scriptures of a particular religion. This will help us to see
the contrast all the better between relativism and

The word srotavyasya (to be heard hereafter) points to
the possibility of relativism in any future religions, in
addition to


the relativism found in the religion of the Hindu Vedas
which has already been heard.

That contemplation and Yoga are the same, as we have
taken them to be in Verse 51, is justified by the last line of
Verse 53. Serenity, steadiness and unitiveness are some of
the characteristics of contemplation indicated here. These
are to be further elaborated, prompted by a specific question
by Arjuna, which follows in the next verse.

Arjuna's question is intended by the author as a device to
make the discussion conform to the guru-sishya samvada
(teacher-disciple dialogue) pattern. The revised standpoint
of the Gita itself is to be taught in such replies to questions
by Krishna as Guru.

Many aspects of spirituality or ethics, previously alluded
to incidentally, find here a revalued statement which could
be considered a siddhanta (finalized doctrine), not covering
the whole subject but, in so far as the problems are relevant
to the chapter.

For purposes of clear visualization of the spiritual values
involved, such final teachings take the form of the personal
description of the man who is held up as a model according
to the spirituality understood in the Gita. He is sometimes
praised as being "dear" or "most dear" to the Absolute.
At other times he is said to "enter into" or "to abide in"
the Absolute. A typical yogi, the man who conforms to
absolutist ways in life, or one who has obtained the highest,
or is merely destined for the highest, are seen to be referred
to generally at the end of the various chapters of the Gita.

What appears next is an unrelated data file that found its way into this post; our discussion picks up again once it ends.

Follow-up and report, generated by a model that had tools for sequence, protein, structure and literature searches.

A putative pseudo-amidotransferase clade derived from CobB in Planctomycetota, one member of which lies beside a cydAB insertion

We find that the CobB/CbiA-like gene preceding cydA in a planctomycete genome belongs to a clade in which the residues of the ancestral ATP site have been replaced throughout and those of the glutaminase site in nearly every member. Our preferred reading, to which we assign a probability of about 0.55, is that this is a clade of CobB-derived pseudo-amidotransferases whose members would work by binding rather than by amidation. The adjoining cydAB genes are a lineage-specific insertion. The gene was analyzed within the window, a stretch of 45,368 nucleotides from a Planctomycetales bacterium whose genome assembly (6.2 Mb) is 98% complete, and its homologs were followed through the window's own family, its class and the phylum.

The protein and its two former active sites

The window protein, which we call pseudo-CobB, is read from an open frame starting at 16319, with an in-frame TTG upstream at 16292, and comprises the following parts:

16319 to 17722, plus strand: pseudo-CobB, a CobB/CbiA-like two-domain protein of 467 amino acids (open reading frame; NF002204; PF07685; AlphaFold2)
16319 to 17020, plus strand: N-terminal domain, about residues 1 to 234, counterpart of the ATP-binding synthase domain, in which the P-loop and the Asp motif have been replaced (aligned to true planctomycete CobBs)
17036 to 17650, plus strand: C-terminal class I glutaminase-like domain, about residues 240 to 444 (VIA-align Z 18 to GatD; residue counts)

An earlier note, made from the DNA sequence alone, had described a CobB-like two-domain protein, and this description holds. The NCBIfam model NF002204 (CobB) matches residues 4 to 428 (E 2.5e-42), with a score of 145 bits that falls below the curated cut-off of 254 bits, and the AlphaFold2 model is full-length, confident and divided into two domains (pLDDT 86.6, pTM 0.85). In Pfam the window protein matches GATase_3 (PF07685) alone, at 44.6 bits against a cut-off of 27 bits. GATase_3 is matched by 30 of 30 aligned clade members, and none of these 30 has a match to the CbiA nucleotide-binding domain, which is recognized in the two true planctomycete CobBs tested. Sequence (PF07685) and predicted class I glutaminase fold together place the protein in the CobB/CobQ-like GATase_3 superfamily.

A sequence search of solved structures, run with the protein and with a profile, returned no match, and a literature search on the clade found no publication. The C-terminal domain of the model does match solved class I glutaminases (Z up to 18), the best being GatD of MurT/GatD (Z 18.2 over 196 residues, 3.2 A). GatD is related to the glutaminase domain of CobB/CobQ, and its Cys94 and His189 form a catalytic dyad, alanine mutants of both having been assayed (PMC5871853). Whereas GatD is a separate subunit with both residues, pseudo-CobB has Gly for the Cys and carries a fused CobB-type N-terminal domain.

Here we come upon a sequence of verses extolling a
certain type of spirituality. Similar sets of verses describing
the yogi in other contexts will be found in iv, 18-24; v, 23-
28; vi, 27-32; xii, 13-20; xiii, 27-32; xxv, 22-26 and xviii,

Stability or being properly established in the path of the
Absolute is the central topic of the present group of verses,
as can be seen by the repetition of the word sthiti
(steadiness). The culminating Verse 70 gives us the spiritual
content that is intended in these verses to be described in
detail. There it is a mystical state - compared to an ocean
into which all river waters enter to fill, though in principle
only. All the component factors or necessary conditions that
contribute to this culminating state of the absolutist, not in
the context of Vedism or of any other religion, but in the
plain context of buddhi (pure reason), are referred to one
after another, in these succeeding verses.


Arjuna's question vrajeta kim (How does he - the
contemplative - walk?) merely shows his eagerness for a
precise answer, and the answer is as exact as could be
possible in a shastra (textbook) which the Gita claims to
be. It gives definitions and examples, and the reference to
the tortoise in Verse 58 makes the answer as graphic as it
could be, when trying to describe the type of introversion of
a contemplative.


sribhagavan uvacha
prajahati yada kaman
sarvan partha manogatan
atmany eva 'tmana tushtah
sthitaprajnas tado 'chyate

Krishna said:
When one banishes all desires that enter the mind, 0
Partha (Arjuna), satisfied in the Self by the Self
alone, then he is said to be one of well-founded


The first thing that happens to a man who begins to tread
The path of the contemplative consists in his disaffiliation
from the various desires with which he is attached to
different grades of relativistic values in everyday life. These
are collectively called kamah (desires). Such desires are
meant to include all those desires which are capable of
entering into or affecting the mind as the word manogatan
(going into the mind) indicates.

Desires can be said to enter the mind or be "afferent"
in character as opposed to "efferent" impulses which may
be said to go outwards to each object of desire.

Contemplation is primarily concerned with the former - those
that enter the mind. Hence their mention here. A man who
purposely or actively searches for objects of desire falls
outside the scope of contemplation altogether.

The word prajahati - often translated "throws away"
would be better translated "shedding" inasmuch as no
activity is implied therein. The analogy of a snake casting its
skin, familiar in the Upanishads, is the idea intended here.
The expression atmany eva'tmani tushtah (satisfied in